New Law Allows Maryland Libraries to License Digital Content

A bill that requires publishers to offer licensing for the same digital literary work to both the public and Maryland public libraries is now a law. According to a Montgomery County press release, the bill, which was introduced in January and unanimously passed in March by the Maryland Legislature, will go into effect as a law on Jan. 1, 2022.

It was created to regulate pricing rates charged to libraries for digital content like e-books and e-audiobooks while also addressing unfair licensing practices. In the past, publishers have held different guidelines and pricing rates for public libraries causing them to pay anywhere from three to five times the price that the general public is charged for digital content. Despite being offered similar discounts on print materials, the prices for electronic materials have continued to differ for libraries from what the public pays.

Previously publishers have been allowed to decide how long a library can “own” a copy of their published work according to the release. Some libraries have faced restrictions from publishers that only allow them to hold one copy of each new title for the first eight weeks after publication, which could impact the library’s business if a newly released title is popular.

“The policies levied on public libraries by publishers impede us from purchasing adequate electronic copies to meet the demand and minimize wait time for residents,” said Montgomery County Public Libraries Director Anita Vassallo. “This bill is a great win not only for Montgomery County Public Libraries but for libraries here in Maryland. It sets a wonderful precedent for others across the country.”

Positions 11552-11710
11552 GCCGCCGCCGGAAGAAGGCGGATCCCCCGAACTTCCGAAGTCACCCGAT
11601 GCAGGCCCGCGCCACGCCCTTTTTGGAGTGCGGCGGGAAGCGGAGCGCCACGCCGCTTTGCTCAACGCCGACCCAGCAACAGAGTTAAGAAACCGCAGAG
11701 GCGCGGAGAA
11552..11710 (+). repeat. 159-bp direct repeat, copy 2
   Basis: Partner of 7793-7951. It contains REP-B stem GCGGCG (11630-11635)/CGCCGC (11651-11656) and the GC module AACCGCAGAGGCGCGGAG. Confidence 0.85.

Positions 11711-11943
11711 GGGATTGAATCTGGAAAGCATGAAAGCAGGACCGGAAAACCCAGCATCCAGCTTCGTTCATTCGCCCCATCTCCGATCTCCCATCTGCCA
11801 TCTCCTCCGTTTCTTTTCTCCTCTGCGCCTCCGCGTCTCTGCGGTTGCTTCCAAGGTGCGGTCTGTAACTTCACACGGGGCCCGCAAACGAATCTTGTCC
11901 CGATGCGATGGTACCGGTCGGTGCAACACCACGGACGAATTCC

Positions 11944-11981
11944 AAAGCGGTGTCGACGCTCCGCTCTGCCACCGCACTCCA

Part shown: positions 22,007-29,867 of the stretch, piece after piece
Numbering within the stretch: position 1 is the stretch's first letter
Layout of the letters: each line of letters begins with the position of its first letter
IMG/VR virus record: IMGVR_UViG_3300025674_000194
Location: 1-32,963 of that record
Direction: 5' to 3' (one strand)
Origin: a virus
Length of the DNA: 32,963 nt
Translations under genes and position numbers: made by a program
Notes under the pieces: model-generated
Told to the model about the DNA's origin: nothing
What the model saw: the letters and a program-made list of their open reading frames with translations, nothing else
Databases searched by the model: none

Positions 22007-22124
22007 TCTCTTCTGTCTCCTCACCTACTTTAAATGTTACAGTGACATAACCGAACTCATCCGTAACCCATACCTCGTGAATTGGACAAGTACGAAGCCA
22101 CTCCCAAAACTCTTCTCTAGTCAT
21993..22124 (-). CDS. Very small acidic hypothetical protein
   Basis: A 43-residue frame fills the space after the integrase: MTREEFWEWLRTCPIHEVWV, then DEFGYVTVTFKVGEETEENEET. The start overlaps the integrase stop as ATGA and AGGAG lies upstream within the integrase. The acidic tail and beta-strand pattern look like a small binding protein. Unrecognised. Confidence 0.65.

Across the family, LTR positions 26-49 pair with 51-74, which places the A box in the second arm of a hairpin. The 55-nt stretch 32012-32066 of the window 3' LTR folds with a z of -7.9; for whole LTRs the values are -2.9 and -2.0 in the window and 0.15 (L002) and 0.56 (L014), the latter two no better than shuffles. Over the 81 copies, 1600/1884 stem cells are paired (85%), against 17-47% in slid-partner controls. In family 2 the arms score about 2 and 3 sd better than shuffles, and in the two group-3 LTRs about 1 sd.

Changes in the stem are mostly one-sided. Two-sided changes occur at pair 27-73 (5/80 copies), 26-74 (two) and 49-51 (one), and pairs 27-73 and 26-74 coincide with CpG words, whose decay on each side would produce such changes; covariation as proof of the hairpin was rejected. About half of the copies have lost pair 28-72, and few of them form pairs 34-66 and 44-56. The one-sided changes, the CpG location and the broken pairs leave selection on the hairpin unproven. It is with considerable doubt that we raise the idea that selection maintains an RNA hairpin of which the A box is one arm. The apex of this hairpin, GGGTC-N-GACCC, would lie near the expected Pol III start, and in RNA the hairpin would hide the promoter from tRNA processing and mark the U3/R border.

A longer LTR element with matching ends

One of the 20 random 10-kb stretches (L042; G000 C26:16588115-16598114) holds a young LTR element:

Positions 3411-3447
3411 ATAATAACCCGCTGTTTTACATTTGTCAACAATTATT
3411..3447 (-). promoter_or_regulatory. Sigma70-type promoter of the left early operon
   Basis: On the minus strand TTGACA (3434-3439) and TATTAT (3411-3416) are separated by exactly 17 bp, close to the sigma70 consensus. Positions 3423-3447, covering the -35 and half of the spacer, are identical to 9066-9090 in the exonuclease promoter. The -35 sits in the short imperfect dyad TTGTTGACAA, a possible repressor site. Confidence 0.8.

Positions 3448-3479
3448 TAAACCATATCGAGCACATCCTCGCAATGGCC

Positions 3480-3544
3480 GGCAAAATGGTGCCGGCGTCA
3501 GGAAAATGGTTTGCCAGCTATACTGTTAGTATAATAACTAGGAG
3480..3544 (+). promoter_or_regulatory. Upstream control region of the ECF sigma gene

Montgomery County Executive Marc Elrich has also supported the passing of the bill as he says it helps to promote education equity throughout the county and state. To him, libraries are an important resource for residents to help manage the digital divide in the community.

“I appreciate the efforts of the Maryland General Assembly to pass this bill that is greatly needed to provide more residents increased access to e-books and digital content,” said Elrich in the press release. “Additionally, I am grateful for the advocacy of Montgomery County Library Director Anita Vassallo and our state delegation for their hard work ensuring passage of this important legislation.”

Last week, six libraries in the county reopened after being closed or limiting entry for over a year. Seven more are scheduled to reopen on June 14.

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